Looking forward to that daily news service coming to my screen.

And have you seen the SNP’s latest Party Political Broadcast?  Yeah I know that’s when we all head for the kitchen and put the kettle on, but watch this one:

At another fringe meeting at the weekend, here we have Craig Murray, who always has something to say, sometimes controversial.  Stirring stuff as usual.  I hear he’s after a nomination for the Westminster election, having just moved to Edinburgh.

On Craig’s left there I see young Mhairi Black, who addressed the George Square gathering a few weeks back.  She spoke to the full conference in one of the debates on Friday.  Remember her name and face, for you’ll be hearing more of this young lass, I’m sure.

One interesting announcement at the weekend was the possibility of non-party members standing at elections.  The Yes Alliance is becoming a real possibility.  Interesting times ahead, more so as we hear of Labour in Scotland lurching from crisis to shambles, and back to crisis again, on a daily basis.  Of which more another day, including the moveable feast that seems to be utterances on Trident.  Should’ve voted Yes, shouldn’t you?

And to finish, some audio – Derek Bateman in discussion with Paul Holleran of the NUJ at the BBC; and then Ivan McKee of Business for Scotland.  Ivan is another who has recently joined the SNP and is considering the best route to continue his massive input of the last couple of years – it could be a Parliamentary route, either 2015 or 2016.  Such are the changes many are now facing.


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Mood Swings

It was with the very best of intentions I started putting some thoughts together.  For several days I’d been keeping an eye on one of the garden residents; and the weather was changing too.  But then..,

As she did last autumn our mistle thrush spends a fair bit of the shrinking daylight hours guarding the rowan tree.  Those little red berries are hers; and hers alone.  She sings to me too, whistling sweeter than any brickie on a scaffold, then calls out a warning, rasping away if any  blackie dare cast a beady eye on her berries.

In mid afternoon the sun begins to go to ground, and late rays filter through the branches of that tree, catching my eye through the office window.  She’s still there, with the sun behind her, pecking now and again at a berry or two.  With the rate the tree is being shred of this year’s harvest it would seem the birds aren’t too concerned about conserving stocks for whatever winter may have in store.

Some days are good, on the mood front, improving with the prospect of a break in the weather, wheels possibly turning.  But others…

I was out and about early the other day, a few tasks to get out the way, then across the garden to feed the hens, just as there was enough light to guide me, and probably before they were thinking of venturing out.  The grass was coated with frost, crisp underfoot.  Could be nice later, thought I, for the football, morning and afternoon.  Light, warming – that’s the mood, not the weather.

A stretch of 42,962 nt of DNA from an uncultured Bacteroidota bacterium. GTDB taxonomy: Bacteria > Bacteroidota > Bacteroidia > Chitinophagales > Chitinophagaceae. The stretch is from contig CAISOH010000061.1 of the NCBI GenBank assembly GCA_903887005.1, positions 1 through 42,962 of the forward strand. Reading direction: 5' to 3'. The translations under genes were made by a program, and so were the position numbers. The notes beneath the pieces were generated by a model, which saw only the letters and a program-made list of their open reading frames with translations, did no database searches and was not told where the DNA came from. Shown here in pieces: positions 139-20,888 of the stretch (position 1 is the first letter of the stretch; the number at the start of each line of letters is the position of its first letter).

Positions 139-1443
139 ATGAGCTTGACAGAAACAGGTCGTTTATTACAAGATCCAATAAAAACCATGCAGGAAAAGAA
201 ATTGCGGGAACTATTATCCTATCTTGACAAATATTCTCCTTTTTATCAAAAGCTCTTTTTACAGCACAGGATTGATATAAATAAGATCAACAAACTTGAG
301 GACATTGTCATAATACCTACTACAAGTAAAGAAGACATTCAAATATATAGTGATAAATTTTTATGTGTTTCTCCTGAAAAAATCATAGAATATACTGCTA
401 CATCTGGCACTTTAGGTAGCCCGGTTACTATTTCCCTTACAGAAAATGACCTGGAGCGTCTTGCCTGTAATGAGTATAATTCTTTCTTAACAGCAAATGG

Then I saw them, three hulking brutes.  Two of them lying down, asleep; the third standing, watching.  Big blue eyes, black and white coat dripping, breath in clouds.

They didn’t make a song about Three Coos In The Garden, but I’d throw every coin I owned, both of them even, into the fountain, just for a chance of a wish.  They were well settled, on the football pitch, the goal area in fact.  And I wandered further, rage rising.

It was clear these beasts had been enjoying the garden throughout the night.  For there was a not a square yard remaining as I’d left it.  There was evidence everywhere; under the laburnum, where the bird feeders hang; across the drying green; and on every other bit of grass that could be found.  Hoof holes – these are not prints, for they settle up to six inches down in the soft, wet, turf.  The other evidence I could cope with but the hoof holes, They Get To Me, Big Time.

For I’ve been here before, repairing, in the aftermath of a visit.  All those hours.  Wheelbarrows of soil, trowels of fresh mole diggings in every hole, after first raising the ground with a fork.  Then seeding; and finally hour upon hours, sweating and rasping, as the heavy roller does the rounds, across the slopes and back again, and again, and again.

But no more.  For so long as there are landowners prepared to accept coin for summer grazing without securing fences; so long as there are farmers with sheep and cattle, content to let them wander the roads for days on end after the latest escape; for so long as said beasts trash my fences on their escape from me, THERE SEEMS LITTLE POINT IN EVEN TRYING TO KEEP A TIDY GARDEN.  I’VE HAD ENOUGH!

So, a wildlife garden it will be.  No more will the man go to mow the meadow.  No more will the pockmarked policies that could be the surface of a comet be repaired.  It means no footie, for it’s unsafe, ankles may break, but…

Let it grow; scatter some wildflower mix to the wind.  Let’s leave the gates open, put a sign up, welcome, come and graze, spend the night, damage whatever takes your fancy.

And right now they’re out in my field, across my trashed fence, and if they destroy my chicken run, then I’ll be calling the burger joint.

For I am raging, you might have noticed, like never before, well, not often maybe.  And the owners of said grazings, the keepers of said wandering beasts – well neither sight nor sound, and I’m too damn angry to make a call right now.

Suddenly semi-detached suburbia seems attractive, a flat even.  Surely not?  Side of beef anyone?  Free to a good freezer.